Peter Frampton and Yes at the Nikon Theater at Jones Beach, Wantagh, NY

Mike Perciaccante By

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Peter Frampton and Yes
Nikon Theater at Jones Beach
Wantagh, New York
June 26, 2010

According to Yes bassist Chris Squire, his band and Peter Frampton hadn't played together since the early 70s. For many in attendance at Jones Beach on Saturday, June 26, 2010, the double-billed concert was the closest thing to time travel.

By opening with a Humble Pie number ("Four Day Creep"—sometimes known as "I Want You To Love Me"), Frampton made a clear and immediate statement of, "I've still got it." There's a reason that the man is a rock legend. In addition to recording arguably the best and (up to that point) best-selling live album of all time, Frampton Comes Alive! (A&M, 1976), and winning the Grammy® for best Pop Instrumental Album (Fingerprints, New Door Records, 2006), the man is a damn fine guitarist. On this warm and pleasant evening at the outdoor venue his performance was a firm affirmation that not only does he still have it, but he can rock out with the best of them, enabling the audience to turn back the clock yet performing relevant new music.

The concert found him weaving easily among the old ["Plain Shame," "Lines On My Face" and "(I'll Give You) Money"]; the new ("I Want It Back" "Restraint" on which he rails against the Wall Street bailout and "Vaudeville Nanna and the Banjolele" from his 2010 New Door Records release Thank You Mr. Churchill); the classics ("Baby, I Love Your Way," "Show Me The Way" and, of course, "Do You Feel Like We Do?"). Additionally, Frampton and his band (Rob Arthur on guitar and vocals, guitarist Adam Lester, John Regan on bass and drummer Dan Wojciechowski) covered Soundgarden's "Black Hole Sun" and encored with a tender, moving and poignant version of his friend George Harrison's signature song "While My Guitar Gently Weeps."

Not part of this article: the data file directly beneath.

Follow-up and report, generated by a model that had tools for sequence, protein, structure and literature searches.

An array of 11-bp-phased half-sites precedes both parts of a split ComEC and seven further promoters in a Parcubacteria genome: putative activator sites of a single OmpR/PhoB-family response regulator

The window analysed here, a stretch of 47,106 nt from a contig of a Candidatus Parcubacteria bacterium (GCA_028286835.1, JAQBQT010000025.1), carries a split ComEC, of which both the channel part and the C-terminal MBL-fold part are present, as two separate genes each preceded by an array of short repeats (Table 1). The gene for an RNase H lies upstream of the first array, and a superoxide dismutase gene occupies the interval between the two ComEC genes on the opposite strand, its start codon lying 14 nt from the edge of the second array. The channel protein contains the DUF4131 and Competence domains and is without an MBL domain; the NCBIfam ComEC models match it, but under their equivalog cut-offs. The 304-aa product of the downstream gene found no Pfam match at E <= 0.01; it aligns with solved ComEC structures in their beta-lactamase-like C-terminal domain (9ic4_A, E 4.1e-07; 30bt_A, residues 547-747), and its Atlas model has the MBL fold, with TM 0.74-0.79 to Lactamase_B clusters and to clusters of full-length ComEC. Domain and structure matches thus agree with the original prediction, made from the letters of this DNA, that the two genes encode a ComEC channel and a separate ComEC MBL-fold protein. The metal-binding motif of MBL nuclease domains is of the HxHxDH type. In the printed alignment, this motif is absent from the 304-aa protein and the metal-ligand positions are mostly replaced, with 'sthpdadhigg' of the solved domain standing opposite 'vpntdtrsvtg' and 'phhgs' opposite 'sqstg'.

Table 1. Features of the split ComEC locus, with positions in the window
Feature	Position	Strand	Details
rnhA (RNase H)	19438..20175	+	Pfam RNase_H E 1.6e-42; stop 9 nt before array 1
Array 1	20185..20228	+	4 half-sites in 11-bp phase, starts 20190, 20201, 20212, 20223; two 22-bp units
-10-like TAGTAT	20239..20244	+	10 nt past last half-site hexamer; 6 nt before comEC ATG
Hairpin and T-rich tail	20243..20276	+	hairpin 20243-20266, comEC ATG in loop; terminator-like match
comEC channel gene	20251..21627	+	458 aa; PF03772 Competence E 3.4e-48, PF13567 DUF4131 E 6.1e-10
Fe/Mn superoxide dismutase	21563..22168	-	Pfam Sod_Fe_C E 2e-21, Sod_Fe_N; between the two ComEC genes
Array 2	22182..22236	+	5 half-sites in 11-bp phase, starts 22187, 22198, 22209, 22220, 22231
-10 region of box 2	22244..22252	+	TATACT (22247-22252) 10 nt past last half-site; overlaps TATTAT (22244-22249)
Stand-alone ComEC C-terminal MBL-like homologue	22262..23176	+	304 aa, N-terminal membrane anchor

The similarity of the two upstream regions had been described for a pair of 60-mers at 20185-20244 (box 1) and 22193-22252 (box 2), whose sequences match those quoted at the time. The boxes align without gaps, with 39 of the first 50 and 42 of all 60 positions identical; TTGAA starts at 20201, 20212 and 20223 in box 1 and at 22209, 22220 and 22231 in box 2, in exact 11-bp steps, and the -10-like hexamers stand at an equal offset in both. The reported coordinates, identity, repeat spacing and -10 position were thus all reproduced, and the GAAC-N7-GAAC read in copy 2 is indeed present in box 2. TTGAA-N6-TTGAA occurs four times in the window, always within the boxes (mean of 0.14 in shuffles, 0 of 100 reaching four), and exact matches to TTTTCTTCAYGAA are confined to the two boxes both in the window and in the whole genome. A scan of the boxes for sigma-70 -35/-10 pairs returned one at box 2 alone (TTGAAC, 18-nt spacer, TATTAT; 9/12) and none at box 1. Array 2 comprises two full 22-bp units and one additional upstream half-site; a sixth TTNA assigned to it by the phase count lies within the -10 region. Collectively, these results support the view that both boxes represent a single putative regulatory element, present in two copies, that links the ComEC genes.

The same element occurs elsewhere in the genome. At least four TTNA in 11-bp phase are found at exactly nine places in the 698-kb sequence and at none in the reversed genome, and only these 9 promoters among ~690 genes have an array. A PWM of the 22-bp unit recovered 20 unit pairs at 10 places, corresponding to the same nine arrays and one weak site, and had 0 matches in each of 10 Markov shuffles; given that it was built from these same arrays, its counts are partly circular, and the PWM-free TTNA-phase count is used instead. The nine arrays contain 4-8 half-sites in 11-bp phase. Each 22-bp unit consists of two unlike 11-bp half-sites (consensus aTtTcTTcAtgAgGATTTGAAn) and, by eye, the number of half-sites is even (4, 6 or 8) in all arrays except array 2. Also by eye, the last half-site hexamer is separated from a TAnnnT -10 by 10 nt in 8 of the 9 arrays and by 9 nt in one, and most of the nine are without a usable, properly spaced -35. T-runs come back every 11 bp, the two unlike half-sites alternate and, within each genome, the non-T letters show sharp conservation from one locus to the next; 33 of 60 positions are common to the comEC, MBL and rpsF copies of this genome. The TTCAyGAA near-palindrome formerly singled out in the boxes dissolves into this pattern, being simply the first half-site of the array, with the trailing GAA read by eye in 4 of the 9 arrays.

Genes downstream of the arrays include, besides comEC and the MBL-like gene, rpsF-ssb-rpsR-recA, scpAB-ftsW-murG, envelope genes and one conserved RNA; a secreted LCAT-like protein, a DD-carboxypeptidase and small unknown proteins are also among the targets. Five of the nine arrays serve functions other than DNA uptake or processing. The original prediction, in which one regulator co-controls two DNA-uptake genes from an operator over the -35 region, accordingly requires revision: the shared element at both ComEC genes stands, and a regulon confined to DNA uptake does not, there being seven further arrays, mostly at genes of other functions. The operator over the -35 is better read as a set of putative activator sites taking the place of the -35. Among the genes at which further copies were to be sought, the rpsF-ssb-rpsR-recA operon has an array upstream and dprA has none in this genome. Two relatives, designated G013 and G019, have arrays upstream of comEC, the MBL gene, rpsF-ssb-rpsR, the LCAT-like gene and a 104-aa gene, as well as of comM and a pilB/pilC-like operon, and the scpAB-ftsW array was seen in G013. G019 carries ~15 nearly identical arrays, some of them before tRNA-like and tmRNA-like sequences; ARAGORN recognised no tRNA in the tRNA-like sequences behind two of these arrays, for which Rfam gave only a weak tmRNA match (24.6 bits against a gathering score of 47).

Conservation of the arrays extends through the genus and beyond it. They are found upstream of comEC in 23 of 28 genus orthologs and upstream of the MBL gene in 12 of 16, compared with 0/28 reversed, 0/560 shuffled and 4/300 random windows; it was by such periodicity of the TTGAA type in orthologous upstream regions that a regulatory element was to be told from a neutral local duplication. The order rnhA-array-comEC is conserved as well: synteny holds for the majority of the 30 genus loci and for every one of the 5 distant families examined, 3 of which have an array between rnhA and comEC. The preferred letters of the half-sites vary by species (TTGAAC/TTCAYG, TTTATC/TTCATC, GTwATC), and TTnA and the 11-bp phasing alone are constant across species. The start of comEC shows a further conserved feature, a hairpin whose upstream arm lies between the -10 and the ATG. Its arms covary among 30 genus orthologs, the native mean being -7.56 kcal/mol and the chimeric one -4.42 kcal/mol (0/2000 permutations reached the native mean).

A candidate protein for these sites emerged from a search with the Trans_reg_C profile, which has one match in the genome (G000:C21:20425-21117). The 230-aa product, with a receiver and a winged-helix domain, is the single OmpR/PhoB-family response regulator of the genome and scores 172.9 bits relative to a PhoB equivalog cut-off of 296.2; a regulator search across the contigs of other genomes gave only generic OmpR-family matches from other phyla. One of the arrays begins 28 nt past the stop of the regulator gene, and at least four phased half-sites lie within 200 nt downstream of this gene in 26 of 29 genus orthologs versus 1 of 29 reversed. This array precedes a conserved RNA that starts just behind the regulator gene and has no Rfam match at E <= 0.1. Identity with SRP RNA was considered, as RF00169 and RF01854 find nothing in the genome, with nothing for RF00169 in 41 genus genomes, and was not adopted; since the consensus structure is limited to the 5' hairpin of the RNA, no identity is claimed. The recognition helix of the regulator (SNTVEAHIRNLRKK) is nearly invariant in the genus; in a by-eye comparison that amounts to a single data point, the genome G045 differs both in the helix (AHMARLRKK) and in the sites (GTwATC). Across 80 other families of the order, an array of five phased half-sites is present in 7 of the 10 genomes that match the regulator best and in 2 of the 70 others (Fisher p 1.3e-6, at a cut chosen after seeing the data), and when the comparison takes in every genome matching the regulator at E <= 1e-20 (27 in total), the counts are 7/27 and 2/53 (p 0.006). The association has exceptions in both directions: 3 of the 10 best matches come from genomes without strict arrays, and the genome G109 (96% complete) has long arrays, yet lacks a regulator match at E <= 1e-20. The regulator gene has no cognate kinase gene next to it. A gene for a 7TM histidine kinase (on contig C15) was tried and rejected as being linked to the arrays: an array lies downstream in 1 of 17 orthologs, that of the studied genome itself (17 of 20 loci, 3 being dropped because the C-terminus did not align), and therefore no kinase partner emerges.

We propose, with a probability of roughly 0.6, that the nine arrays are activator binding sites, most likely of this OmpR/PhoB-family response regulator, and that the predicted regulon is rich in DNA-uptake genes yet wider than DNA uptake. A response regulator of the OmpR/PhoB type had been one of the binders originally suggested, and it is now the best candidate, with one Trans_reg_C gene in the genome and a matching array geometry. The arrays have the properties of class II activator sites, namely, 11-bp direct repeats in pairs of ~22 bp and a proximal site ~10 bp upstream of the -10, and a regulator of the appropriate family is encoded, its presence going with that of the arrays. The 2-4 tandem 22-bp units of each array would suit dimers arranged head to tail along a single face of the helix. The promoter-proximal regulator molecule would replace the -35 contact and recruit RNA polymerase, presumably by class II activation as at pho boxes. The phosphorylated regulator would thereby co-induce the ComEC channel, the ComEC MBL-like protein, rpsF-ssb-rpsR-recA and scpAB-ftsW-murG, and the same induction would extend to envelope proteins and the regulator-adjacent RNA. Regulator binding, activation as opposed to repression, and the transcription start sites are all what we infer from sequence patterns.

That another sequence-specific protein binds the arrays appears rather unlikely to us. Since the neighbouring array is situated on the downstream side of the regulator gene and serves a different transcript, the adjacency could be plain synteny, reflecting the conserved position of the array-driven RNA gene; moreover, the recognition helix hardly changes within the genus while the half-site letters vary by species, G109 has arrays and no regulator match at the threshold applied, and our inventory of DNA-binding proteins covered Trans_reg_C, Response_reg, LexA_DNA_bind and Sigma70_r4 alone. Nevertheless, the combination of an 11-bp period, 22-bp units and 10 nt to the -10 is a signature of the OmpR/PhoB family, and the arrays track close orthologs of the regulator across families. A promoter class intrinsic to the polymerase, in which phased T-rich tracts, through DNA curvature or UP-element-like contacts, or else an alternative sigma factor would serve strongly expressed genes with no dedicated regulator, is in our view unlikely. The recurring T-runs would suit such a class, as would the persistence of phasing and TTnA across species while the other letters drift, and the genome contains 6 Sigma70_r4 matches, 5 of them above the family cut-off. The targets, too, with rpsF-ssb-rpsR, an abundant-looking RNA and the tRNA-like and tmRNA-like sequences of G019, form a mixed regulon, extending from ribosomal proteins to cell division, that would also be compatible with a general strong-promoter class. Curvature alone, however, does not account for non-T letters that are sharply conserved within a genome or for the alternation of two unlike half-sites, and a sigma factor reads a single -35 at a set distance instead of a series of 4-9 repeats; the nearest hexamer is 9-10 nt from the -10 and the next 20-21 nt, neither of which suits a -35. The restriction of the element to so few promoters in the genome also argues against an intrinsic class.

After a half-hour break, co-headliner Yes took the stage for the second half of the evening. Though not the classic Yes line-up, the band provided a strong set of progressive rock at its best. This incarnation of Yes featured fill-in lead singer Benoit David and his spot on vocals (David is again subbing for original vocalist Jon Anderson, who remains out of commission due to respiratory illness). Oliver Wakeman, son of the band's primary keyboardist Rick Wakeman (who is also ailing) continues to finger the ivories in his father's absence. Original members Squire on bass and Steve Howe on guitar along with long-time drummer Alan White rounded out the group.

As expected, Yes performed their signature tunes. "And You And I," "Yours Is No Disgrace," "Perpetual Change," and "Close to the Edge" all made their respective appearances during the band's hour-and-a-half set. While the veteran cosmic prog-rockers performed their very tight set, the background of the stage as well as the two monitors above to the left and right were flooded with synchronized and syncopated vibrant, bright and occasionally pastel images of the Yes logo, classic Yes album covers and short video shots which seemed to please the older Baby Boomer crowd. At the same time, the younger members of the audience were not to be denied. They were treated to a slightly sped-up version of the band's '80s comeback hit "Owner Of A Lonely Heart" from 90125 (Atco, 1983). Ending the show was an excellent version of "Roundabout" and the encore of the epic "Starship Trooper."

Though a co-headlining bill of Peter Frampton and Yes doesn't quite sound like the most logical fit when discussing pairing huge arena acts from the '70s, the evening proved an unqualified success. Fans were treated to three hours of great music—rock, blues, pop, white-boy soul, progressive psychedelia, a dash of classical and a touch of funk.

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